Yet as important as our history is, we also celebrate the parish as it is today. As time went on from those early days, parish after parish was carved out of what had been one. Today, with the reality of the Church in the early twenty-first century, parishes are being merged, and Assumption now consists of what had become four parishes: Assumption, Blessed Sacrament, Holy Name of Mary, and Saint Patrick. And as we look to the future and our association with Saint Alphonsus and Saint Angela parishes as part of one family, we have even more adventures ahead of us.

The gospel passage that the Church gives us as we celebrate our sestercentennial is a great challenge to me, and I hope it is to you as well. In the parable about the two sons we hear that it is not what we say, but what we do that is important. Thus, we are called to discern God’s will for our parish and then take action to put that into practice. I am certain that we are up for the task! Assumption is a vibrant community of faith, which to paraphrase Michael Power’s words, is still contributing to the history of the faith in Southwestern Ontario. We continue to be an important presence in West Windsor, reaching out to Catholics and people of all faiths or none. I am convinced that this community will continue to be important to Windsor for many years to come. I am deeply grateful that you have welcomed me into your lives and hearts. I pray that God continue to bless each of you with life and grace.

Fr. James Martin is a Jesuit priest in the US, who is a frequent presence in the media. He has written a number of books, is an editor-at-large of America magazine, has a high profile on social media, appears on television, and serves as a consultant to the Vatican’s Secretariat for Communications. Recently he published a book entitled Building a Bridge: How the Catholic Church and the LGBT Community Can Enter into a Relationship of Respect, Compassion, and Sensitivity. As you might expect, this book has created a storm of controversy. Even though it received the approval of his Jesuit superiors, two cardinals, and a number of bishops in the Church, certain groups from inside and outside the Church have been quite vocal in their criticism of the book and of Fr. Martin. Some groups felt that he didn’t challenge the Church’s teaching, thus continuing to marginalize GLBT Catholics. Others felt that he was too welcoming to them, and did not adequately stress the traditional teaching of the Church concerning sexual morality. Social media has provided a platform for this criticism, and because of this, Fr. Martin has been disinvited from some speaking engagements.

So why am I mentioning this topic in our Sunday bulletin? What does this have to do with us? I think that this weekend’s readings offer some guidance. In the Prophet Isaiah, we hear that we are to seek the Lord, and that the wicked and unrighteous should forsake their ways and turn to the Lord. We also hear that God’s ways are not our ways, and our thoughts not God’s thoughts. I think that’s one reason that Jesus so often tells us not to judge. The Gospel passage adds another dimension to this: some scripture scholars say that the reason the owner of the vineyard pays the last people first is that he wants all the others to see—and rejoice in—his generosity. If I wanted to pay everyone the same, I would probably have started by paying those who arrived first, so as to avoid any hard feelings and controversy. Those who worked all day would have been gone by the time the later workers received their pay. Instead, the landowner offers payment—salvation—to all, in ways that I would never have imagined.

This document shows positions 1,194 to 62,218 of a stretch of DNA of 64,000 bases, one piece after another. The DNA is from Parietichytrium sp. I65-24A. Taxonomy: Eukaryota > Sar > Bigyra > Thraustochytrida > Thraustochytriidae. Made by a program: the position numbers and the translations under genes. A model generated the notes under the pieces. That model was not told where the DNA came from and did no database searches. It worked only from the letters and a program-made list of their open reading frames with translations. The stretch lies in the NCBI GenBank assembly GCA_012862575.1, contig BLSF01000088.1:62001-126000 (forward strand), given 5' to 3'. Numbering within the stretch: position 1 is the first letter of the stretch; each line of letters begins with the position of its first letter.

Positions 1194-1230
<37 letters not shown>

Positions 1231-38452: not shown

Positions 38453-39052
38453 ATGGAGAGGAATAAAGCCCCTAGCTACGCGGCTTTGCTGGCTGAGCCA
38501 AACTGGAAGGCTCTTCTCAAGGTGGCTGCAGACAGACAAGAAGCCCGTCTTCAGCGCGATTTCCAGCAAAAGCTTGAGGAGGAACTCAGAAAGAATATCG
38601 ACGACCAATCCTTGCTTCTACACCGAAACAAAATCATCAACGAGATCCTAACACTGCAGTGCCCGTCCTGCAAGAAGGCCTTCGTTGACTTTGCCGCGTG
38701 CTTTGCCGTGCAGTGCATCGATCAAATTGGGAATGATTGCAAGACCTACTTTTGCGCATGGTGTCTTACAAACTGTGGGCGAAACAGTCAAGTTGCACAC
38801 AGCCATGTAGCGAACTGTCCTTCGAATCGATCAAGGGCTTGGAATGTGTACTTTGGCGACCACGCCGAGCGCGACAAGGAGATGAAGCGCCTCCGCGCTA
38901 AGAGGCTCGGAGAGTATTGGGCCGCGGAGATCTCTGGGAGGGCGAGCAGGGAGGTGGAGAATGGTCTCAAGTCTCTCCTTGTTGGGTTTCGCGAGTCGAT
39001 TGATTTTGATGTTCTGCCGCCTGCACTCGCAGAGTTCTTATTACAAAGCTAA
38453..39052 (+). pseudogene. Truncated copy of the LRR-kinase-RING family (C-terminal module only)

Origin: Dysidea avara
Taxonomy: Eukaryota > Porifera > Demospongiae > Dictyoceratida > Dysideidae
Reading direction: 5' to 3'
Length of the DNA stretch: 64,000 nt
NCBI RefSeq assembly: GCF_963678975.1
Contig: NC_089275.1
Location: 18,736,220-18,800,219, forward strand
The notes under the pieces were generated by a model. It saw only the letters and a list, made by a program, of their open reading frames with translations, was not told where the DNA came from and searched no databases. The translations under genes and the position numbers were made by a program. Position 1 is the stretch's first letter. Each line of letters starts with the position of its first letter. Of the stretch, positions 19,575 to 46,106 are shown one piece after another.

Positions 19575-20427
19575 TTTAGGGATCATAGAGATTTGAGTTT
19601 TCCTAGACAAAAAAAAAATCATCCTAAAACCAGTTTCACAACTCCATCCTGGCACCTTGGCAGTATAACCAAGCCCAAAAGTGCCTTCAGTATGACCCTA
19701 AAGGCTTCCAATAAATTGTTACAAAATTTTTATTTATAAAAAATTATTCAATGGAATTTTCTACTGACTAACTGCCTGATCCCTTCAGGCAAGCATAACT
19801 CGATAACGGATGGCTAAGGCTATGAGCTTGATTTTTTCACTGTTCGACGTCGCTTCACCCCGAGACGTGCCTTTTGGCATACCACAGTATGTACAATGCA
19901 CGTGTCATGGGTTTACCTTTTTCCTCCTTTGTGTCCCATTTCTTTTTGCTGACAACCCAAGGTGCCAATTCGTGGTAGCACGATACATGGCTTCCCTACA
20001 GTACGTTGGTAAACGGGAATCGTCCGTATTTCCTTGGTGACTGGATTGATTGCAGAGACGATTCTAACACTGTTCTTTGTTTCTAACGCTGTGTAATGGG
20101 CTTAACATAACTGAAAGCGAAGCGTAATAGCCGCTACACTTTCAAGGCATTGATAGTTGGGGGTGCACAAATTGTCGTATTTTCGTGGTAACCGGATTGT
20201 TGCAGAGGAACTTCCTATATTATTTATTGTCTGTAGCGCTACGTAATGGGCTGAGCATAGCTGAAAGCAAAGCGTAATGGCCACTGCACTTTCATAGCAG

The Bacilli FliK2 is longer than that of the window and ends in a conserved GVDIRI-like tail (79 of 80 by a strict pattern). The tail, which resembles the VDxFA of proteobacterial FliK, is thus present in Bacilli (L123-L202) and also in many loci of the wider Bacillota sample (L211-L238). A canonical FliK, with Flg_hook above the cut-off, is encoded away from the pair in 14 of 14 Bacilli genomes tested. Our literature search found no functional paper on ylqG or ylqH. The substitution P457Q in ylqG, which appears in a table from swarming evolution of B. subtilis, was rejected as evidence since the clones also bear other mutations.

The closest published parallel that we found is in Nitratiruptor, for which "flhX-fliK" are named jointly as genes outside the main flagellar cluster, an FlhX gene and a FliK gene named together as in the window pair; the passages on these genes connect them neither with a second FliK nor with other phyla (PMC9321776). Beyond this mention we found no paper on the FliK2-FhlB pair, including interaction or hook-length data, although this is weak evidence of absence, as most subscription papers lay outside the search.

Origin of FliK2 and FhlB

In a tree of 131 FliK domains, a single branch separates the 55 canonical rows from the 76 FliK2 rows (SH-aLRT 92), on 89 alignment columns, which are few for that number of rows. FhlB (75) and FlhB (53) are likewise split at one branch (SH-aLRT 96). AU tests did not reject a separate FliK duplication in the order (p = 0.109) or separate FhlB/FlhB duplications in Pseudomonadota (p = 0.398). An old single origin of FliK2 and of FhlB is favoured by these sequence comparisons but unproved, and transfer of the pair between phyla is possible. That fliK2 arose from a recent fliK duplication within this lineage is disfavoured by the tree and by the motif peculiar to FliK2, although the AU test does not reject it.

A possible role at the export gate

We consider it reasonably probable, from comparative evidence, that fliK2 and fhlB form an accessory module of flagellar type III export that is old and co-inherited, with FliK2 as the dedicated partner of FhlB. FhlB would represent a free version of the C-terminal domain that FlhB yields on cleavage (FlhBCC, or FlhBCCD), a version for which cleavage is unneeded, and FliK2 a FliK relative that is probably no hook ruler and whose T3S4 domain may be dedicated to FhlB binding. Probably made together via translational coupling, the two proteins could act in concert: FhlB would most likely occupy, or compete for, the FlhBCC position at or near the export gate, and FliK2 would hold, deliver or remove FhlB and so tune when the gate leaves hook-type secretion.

For me, this is yet again an invitation to look at myself and see where I might become judgmental, where I place my criteria before God’s. Pope Francis continually reminds us that God is merciful and welcoming. I pray that my life may reflect that as well.

Before all else… a huge “Thank you!!” to all of you who participated in any way in this past week’s celebrations in honour of Our Lady. Tuesday’s commemoration of Holy Name of Mary parish was an uplifting evening of fellowship and remembrances, and many people spent much time in making the evening possible. Then on Friday, on a more sombre note, with Our Lady of Sorrows we asked forgiveness for the sins of clergy sex abuse, and prayed for healing for victims of this crime. In both joy and sorrow, our mother takes us in and covers us with her mantle of care.

Mary’s Son Jesus teaches us so much in our gospel reading this weekend. Forgiveness is what gives life. My mind often returns to the grudge I carried for years against a Basilian confrère who snubbed me. When I finally reconciled with him I realized that he had no idea he had hurt me—nor, of course, that I was carrying a grudge. Carrying that grudge against him had been slowly poisoning me, and didn’t affect him at all. I think that’s why Jesus’ statement to Peter about forgiving “seventy-seven times” is so important. That forgiveness does little or nothing to the one against whom I carry resentments; what it does is free me, the one who does the forgiving.

In our daily lives, nobody is exempt from sin, which means that each one of us, in one way or another, has hurt somebody else, and each one of us has been on the receiving end of hurt. In the merging of four parishes into one, I know it has happened more than once. We step on each other’s toes; we become territorial. We hold on to what has given us solace and comfort and life. This might be an ideal opportunity to reflect on where we carry hurts and grudges, and let them go. Might it not be time to experience some of the freedom and life that God is offering?